Betelgeuse has been the center of significant media attention lately. The red supergiant is nearing the end of its life, and when a star over 10 times the mass of the Sun dies, it goes out in spectacular fashion.
With its brightness recently dipping to the lowest point in the last hundred years, many space enthusiasts are excited that Betelgeuse may soon go supernova, exploding in a dazzling display that could be visible even in daylight.
While the famous star in Orion’s shoulder will likely meet its demise within the next million years — practically couple days in cosmic time — scientists maintain that its dimming is due to the star pulsating. The phenomenon is relatively common among red supergiants, and Betelgeuse has been known for decades to be in this group.
Coincidentally, researchers at UC Santa Barbara have already made predictions about the brightness of the supernova that would result when a pulsating star like Betelgeuse explodes.
Physics graduate student Jared Goldberg has published a study with Lars Bildsten, director of the campus’s Kavli Institute for Theoretical Physics (KITP) and Gluck Professor of Physics, and KITP Senior Fellow Bill Paxton detailing how a star’s pulsation will affect the ensuing explosion when it does reach the end. The paper appears in the Astrophysical Journal.
“We wanted to know what it looks like if a pulsating star explodes at different phases of pulsation,” said Goldberg, a National Science Foundation graduate research fellow. “Earlier models are simpler because they don’t include the time-dependent effects of pulsations.”
When a star the size of Betelgeuse finally runs out of material to fuse in its center, it loses the outward pressure that kept it from collapsing under its own immense weight. The resultant core collapse happens in half a second, far faster than it takes the star’s surface and puffy outer layers to notice.
As the iron core collapses the atoms disassociate into electrons and protons. These combine to form neutrons, and in the process release high-energy particles called neutrinos. Normally, neutrinos barely interact with other matter — 100 trillion of them pass through your body every second without a single collision. That said, supernovae are among the most powerful phenomena in the universe. The numbers and energies of the neutrinos produced in the core collapse are so immense that even though only a tiny fraction collides with the stellar material, it’s generally more than enough to launch a shockwave capable of exploding the star.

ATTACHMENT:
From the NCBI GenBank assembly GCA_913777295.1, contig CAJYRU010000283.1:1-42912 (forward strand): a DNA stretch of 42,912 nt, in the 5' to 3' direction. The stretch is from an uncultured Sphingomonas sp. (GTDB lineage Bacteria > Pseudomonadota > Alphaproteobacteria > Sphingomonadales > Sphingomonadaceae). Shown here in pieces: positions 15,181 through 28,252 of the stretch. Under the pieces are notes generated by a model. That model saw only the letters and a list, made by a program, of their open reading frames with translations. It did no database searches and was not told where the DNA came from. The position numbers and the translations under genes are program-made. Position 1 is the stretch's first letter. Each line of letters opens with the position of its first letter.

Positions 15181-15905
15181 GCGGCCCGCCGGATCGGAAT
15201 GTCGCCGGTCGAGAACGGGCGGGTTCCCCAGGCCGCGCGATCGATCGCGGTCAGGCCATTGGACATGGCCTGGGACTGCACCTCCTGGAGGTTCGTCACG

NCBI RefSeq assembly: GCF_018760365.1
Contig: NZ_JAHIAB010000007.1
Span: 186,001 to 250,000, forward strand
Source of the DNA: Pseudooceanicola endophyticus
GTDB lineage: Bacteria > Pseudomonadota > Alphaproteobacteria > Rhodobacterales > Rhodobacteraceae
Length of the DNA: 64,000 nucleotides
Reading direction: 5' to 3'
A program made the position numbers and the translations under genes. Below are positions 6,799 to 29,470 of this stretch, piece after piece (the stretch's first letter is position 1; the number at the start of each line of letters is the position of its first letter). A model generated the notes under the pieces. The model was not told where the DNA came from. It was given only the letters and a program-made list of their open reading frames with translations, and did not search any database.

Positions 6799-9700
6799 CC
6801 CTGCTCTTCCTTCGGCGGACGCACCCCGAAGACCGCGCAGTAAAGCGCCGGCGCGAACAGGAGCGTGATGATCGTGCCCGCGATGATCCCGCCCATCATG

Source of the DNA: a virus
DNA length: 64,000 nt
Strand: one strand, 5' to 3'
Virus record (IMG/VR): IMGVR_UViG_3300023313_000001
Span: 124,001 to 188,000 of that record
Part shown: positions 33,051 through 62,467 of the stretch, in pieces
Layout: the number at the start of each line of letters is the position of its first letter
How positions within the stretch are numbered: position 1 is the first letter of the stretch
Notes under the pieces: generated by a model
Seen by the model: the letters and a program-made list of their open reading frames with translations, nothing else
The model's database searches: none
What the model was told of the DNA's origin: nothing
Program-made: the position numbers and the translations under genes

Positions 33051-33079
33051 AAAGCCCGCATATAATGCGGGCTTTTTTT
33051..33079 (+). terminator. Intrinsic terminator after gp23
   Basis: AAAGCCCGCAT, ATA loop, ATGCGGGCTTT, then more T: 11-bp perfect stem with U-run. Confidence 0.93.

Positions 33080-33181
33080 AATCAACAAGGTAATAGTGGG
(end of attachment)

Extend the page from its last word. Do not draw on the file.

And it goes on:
That resulting explosion smacks into the star’s outer layers with stupefying energy, creating a burst that can briefly outshine an entire galaxy. The explosion remains bright for around 100 days, since the radiation can escape only once ionized hydrogen recombines with lost electrons to become neutral again. This proceeds from the outside in, meaning that astronomers see deeper into the supernova as time goes on until finally the light from the center can escape. At that point, all that’s left is the dim glow of radioactive fallout, which can continue to shine for years.
A supernova’s characteristics vary with the star’s mass, total explosion energy and, importantly, its radius. This means Betelgeuse’s pulsation makes predicting how it will explode rather more complicated.
The researchers found that if the entire star is pulsating in unison — breathing in and out, if you will — the supernova will behave as though Betelgeuse was a static star with a given radius. However, different layers of the star can oscillate opposite each other: the outer layers expand while the middle layers contract, and vice versa.
For the simple pulsation case, the team’s model yielded similar results to the models that didn’t account for pulsation. “It just looks like a supernova from a bigger star or a smaller star at different points in the pulsation,” Goldberg explained. “It’s when you start considering pulsations that are more complicated, where there’s stuff moving in at the same time as stuff moving out — then our model actually does produce noticeable differences,” he said.
In these cases, the researchers discovered that as light leaks out from progressively deeper layers of the explosion, the emissions would appear as though they were the result of supernovae from different sized stars.
“Light from the part of the star that is compressed is fainter,” Goldberg explained, “just as we would expect from a more compact, non-pulsating star.” Meanwhile, light from parts of the star that were expanding at the time would appear brighter, as though it came from a larger, non-pulsating star.
Goldberg plans to submit a report to Research Notes of the American Astronomical Society with Andy Howell, a professor of physics, and KITP postdoctoral researcher Evan Bauer summarizing the results of simulations they ran specifically on Betelgeuse. Goldberg is also working with KITP postdoc Benny Tsang to compare different radiative transfer techniques for supernovae, and with physics graduate student Daichi Hiramatsu on comparing theoretical explosion models to supernova observations.